I gather that all the rubs are too spicy for my current diet (no coffee, tea, alcohol, spicy food, fried food — or aspirin; very low salt, low carbs and fat). But maybe I could offer Dr. Zwicky’s Meat Rubs as enticements to students.

Coming soon to a small screen near you

March 23, 2010

You can’t tell what Jeremy is doing unless you can see what’s on his screen.

He could, of course, be searching on the web, or …

Dilating eye teeth

March 22, 2010

In Bizarro-world, phrasal blends/portmanteaus are commonplace. Like this combo of dilate someone’s eyes (referring to dilating the pupils, in the fashion of optometrists and ophthalmologists examining a patient’s eyes) and eye teeth (referring to the canines, especially the upper canines; the canines are also known as dog teeth and fangs), with a concomitant mashing up of the semantics of the two expressions:

The eye teeth (or eye-teeth) are so called because they are directly under the eyes. The upper canines are in fact the closest teeth to the eyes. (For some discussion of the idiom (would) give one’s eye teeth (for something, or to do something), see Michael Quinion’s discussion here.)

In any case, eye tooth is another in a long line of noun-noun compounds in which the relation between the two nouns is distant, in fact inscrutable without some special knowledge. In most of the cases that have drawn attention on Language Log and in this blog — canoe wife and pumpkin bus, for example — this special knowledge is ad hoc and contextual, but there are other cases where the relation between the nouns goes back in history, and the compound has become a fixed, and semantically opaque, expression. That’s what happened to eye tooth, and also to milk tooth (a.k.a. baby tooth, deciduous tooth, temporary tooth, or primary tooth) and wisdom tooth (referring to a third molar). The first milk tooth erupts at roughly 5 to 8 months of age, when the baby is suckling, and the wisdom teeth are the last teeth to erupt (or become impacted), at roughly 17 to 25 years of age, by which time some degree of adult astuteness has, one hopes, been attained.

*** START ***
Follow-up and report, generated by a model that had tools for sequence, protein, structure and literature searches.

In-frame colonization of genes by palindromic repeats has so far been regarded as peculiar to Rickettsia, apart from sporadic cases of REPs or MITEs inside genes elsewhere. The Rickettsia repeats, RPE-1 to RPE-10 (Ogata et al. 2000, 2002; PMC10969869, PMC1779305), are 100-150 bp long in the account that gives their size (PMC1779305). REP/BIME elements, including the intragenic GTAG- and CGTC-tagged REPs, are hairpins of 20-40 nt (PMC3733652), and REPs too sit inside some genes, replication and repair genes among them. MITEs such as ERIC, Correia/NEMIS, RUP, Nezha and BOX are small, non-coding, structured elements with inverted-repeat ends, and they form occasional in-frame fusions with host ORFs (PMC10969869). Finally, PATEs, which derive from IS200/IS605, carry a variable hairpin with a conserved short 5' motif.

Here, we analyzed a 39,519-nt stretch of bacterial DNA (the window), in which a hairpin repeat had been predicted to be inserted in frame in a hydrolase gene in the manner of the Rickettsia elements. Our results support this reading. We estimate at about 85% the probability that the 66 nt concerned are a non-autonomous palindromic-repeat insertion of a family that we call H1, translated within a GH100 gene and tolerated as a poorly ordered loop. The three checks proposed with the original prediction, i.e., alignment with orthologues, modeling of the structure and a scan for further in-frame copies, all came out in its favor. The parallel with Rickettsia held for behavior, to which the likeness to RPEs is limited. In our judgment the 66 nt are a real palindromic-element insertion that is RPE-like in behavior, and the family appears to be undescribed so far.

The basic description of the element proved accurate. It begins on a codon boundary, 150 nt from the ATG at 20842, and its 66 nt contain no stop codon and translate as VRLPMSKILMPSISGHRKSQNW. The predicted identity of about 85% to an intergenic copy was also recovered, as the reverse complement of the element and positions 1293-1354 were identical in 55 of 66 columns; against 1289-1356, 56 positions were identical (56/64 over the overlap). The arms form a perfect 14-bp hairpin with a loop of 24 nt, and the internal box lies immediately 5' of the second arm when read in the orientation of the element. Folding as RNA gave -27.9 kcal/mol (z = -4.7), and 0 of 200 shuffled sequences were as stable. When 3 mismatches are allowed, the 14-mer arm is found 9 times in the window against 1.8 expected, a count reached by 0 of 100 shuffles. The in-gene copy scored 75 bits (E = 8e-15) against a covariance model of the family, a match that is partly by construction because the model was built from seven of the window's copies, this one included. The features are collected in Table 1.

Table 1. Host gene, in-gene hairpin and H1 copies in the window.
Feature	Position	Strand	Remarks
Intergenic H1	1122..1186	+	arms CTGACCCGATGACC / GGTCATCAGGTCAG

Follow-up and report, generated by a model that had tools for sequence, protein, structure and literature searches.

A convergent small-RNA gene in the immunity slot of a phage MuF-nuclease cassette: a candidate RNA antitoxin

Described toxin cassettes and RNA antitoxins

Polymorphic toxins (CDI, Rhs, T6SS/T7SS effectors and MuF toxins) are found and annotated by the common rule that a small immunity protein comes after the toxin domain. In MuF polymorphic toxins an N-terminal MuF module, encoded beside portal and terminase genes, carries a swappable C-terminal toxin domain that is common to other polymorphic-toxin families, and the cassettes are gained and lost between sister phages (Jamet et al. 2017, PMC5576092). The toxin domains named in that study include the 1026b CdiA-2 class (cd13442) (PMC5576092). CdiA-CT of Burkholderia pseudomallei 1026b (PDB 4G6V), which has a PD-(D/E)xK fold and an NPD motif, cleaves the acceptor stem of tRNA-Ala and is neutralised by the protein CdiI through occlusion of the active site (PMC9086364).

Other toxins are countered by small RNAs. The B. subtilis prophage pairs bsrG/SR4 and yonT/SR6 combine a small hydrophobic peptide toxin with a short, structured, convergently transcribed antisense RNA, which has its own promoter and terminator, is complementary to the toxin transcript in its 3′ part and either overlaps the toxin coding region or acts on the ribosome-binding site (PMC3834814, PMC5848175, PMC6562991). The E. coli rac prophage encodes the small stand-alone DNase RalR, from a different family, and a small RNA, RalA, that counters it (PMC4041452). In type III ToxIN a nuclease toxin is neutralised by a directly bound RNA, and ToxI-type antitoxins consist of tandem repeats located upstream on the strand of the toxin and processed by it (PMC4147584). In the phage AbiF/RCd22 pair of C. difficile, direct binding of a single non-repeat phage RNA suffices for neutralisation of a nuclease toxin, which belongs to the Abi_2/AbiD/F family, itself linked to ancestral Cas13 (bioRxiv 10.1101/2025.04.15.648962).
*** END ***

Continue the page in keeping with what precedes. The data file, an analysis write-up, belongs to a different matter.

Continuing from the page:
More negotiating on meaning in context

March 20, 2010

Continuing the Zits theme in which Jeremy tries to negotiate word meanings with his parents… he moves on to what counts as late:

It all depends on your definition of …

March 19, 2010

Jeremy (in Zits-world) disputes with his mother over what it means to argue:

An echo of the “argument clinic” sketch from Monty Python’s Flying Circus (show #29):

… Man [a client of the clinic]  Well, an argument’s not the same as contradiction.

Mr Vibrating [apparently in charge of the clinic]  It can be.

Man No it can’t. An argument is a connected series of statements to establish a definite proposition.

Mr Vibrating No it isn’t.

Man Yes it is. It isn’t just contradiction.

Mr Vibrating Look, if I argue with you I must take up a contrary position.

Man But it isn’t just saying ‘No it isn’t’.

Mr Vibrating Yes it is.

Man No it isn’t, argument is an intellectual process … contradiction is just the automatic gainsaying of anything the other person says.

Mr Vibrating No it isn’t.

[and so on, maddeningly]

LINGUIST List (2010)!

March 17, 2010

[Also posted on Language Log.]

It’s that time of  the year again: the LINGUIST List’s annual fund drive is under way, for the month of March; the drive is about halfway (about $32,000) to its goal of $65,000 (the money goes to support the student staff). From the list’s site:

The LINGUIST List is dedicated to providing information on language and language analysis, and to providing the discipline of linguistics with the infrastructure necessary to function in the digital world.